An updated analysis of American COVID-19 deaths throughout 2021 highlights a continued drop in overall life expectancy as well as persistent disparities by race and ethnicity.
Lead author Theresa Andrasfay, a postdoctoral scholar at the USC Leonard Davis School of Gerontology, and coauthor Noreen Goldman at the Princeton School of Public and International Affairs first examined the pandemic’s effect on U.S. life expectancy in October 2020. Their initial study, published in Proceedings of the National Academy of Sciences in January 2021, showed that 2020 presented the largest single-year decline in life expectancy in at least 40 years and the lowest life expectancy estimated since 2003.
The updated analysis, published in PLOS ONE, indicates that U.S. life expectancy at birth decreased by 2.2 years from 78.8 in 2019 to 76.6 in 2021. The estimated decrease in life expectancy for 2021 is 0.6 years larger than the decrease observed in 2020, Andrasfay said.
“Despite the availability of effective vaccines, life expectancy continued to decline in 2021. Part of this is due to the large number of COVID-19 deaths that occurred in the beginning of 2021, before many individuals were eligible for vaccination,” she said. “But even once all adults became eligible for vaccination, many chose not to be vaccinated and even vaccinated individuals were not completely protected against the highly transmissible Delta and Omicron variants.”
The study highlighted that significant racial disparities in loss of lifespan have endured throughout the pandemic. Between 2019 and 2021, non-Latino whites lost 2 years on average, while non-Latino Blacks lost 3.5 years and Latinos lost 3.7 years of life expectancy. As noted in Andrasfay and Goldman’s previous analyses, Black and Latino Americans have experienced a disproportionate burden of coronavirus infections and deaths, reflecting persistent structural inequalities that heighten risk of exposure to and death from COVID-19. Goldman noted that “although Whites experienced a larger drop in life expectancy between 2020 and 2021 than the Black and Latino populations, resulting in a very modest reduction in racial and ethnic differences, the disparities in life expectancy loss since the start of the pandemic remain regrettably and unacceptably large.”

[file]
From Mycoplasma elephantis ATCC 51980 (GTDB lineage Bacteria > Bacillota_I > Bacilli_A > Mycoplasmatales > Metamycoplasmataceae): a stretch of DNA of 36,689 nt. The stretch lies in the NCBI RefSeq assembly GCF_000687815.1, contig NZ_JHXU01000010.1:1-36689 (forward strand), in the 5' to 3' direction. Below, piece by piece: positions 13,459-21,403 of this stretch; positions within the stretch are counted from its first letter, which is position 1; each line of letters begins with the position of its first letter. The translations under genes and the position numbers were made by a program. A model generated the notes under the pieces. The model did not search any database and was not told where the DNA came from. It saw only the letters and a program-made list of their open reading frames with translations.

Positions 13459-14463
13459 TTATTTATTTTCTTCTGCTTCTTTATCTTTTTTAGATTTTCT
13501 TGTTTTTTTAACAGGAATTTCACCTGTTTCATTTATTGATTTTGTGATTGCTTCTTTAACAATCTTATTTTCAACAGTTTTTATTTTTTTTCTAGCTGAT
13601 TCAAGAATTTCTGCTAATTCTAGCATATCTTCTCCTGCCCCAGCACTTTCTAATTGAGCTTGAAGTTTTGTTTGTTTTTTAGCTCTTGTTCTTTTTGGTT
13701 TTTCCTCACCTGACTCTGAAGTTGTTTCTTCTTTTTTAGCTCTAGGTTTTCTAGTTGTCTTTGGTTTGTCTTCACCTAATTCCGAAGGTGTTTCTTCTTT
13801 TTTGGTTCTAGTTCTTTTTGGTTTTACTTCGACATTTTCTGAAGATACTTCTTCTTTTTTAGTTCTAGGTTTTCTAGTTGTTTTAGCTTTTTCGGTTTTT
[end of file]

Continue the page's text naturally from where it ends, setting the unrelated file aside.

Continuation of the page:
Although COVID-19 is the primary cause of continued life expectancy reductions in 2021, “increases in other causes of death relative to pre-pandemic levels contribute to these life expectancy declines,” the authors wrote. The pandemic appears to have played a role in the increase of drug overdose deaths in 2020 and 2021, and increased mortality from conditions such as heart disease or diabetes may be attributable to complications of Covid-19 infections and/or health care shortages and delays.
This week the CDC also released provisional estimates of life expectancy in 2021. “We did not have access to the same level of detailed data as the CDC, so we arrived at slightly different life expectancy estimates,” Andrasfay said. “Despite these differences, our results are largely in agreement in that we find continued life expectancy reductions in 2021 and persistent racial and ethnic disparities.”
“COVID-19 mortality has been lower in the first half of 2022 compared to 2021, so if there is a successful booster campaign in the fall and the dominant strains have lower fatality rates than previous variants, it is possible that 2022 life expectancy may improve relative to 2021, though it is unlikely to return to levels seen prior to 2020,” she added. “However, what happens with 2022 life expectancy will ultimately depend on this coming fall and winter.”
The study, “Reductions in US life expectancy during the COVID-19 pandemic by race and ethnicity: Is 2021 a repetition of 2020?,” appeared online in PLOS ONE on August 31, 2022. Research reported in this publication was partly supported by the National Institute on Aging (T32AG000037).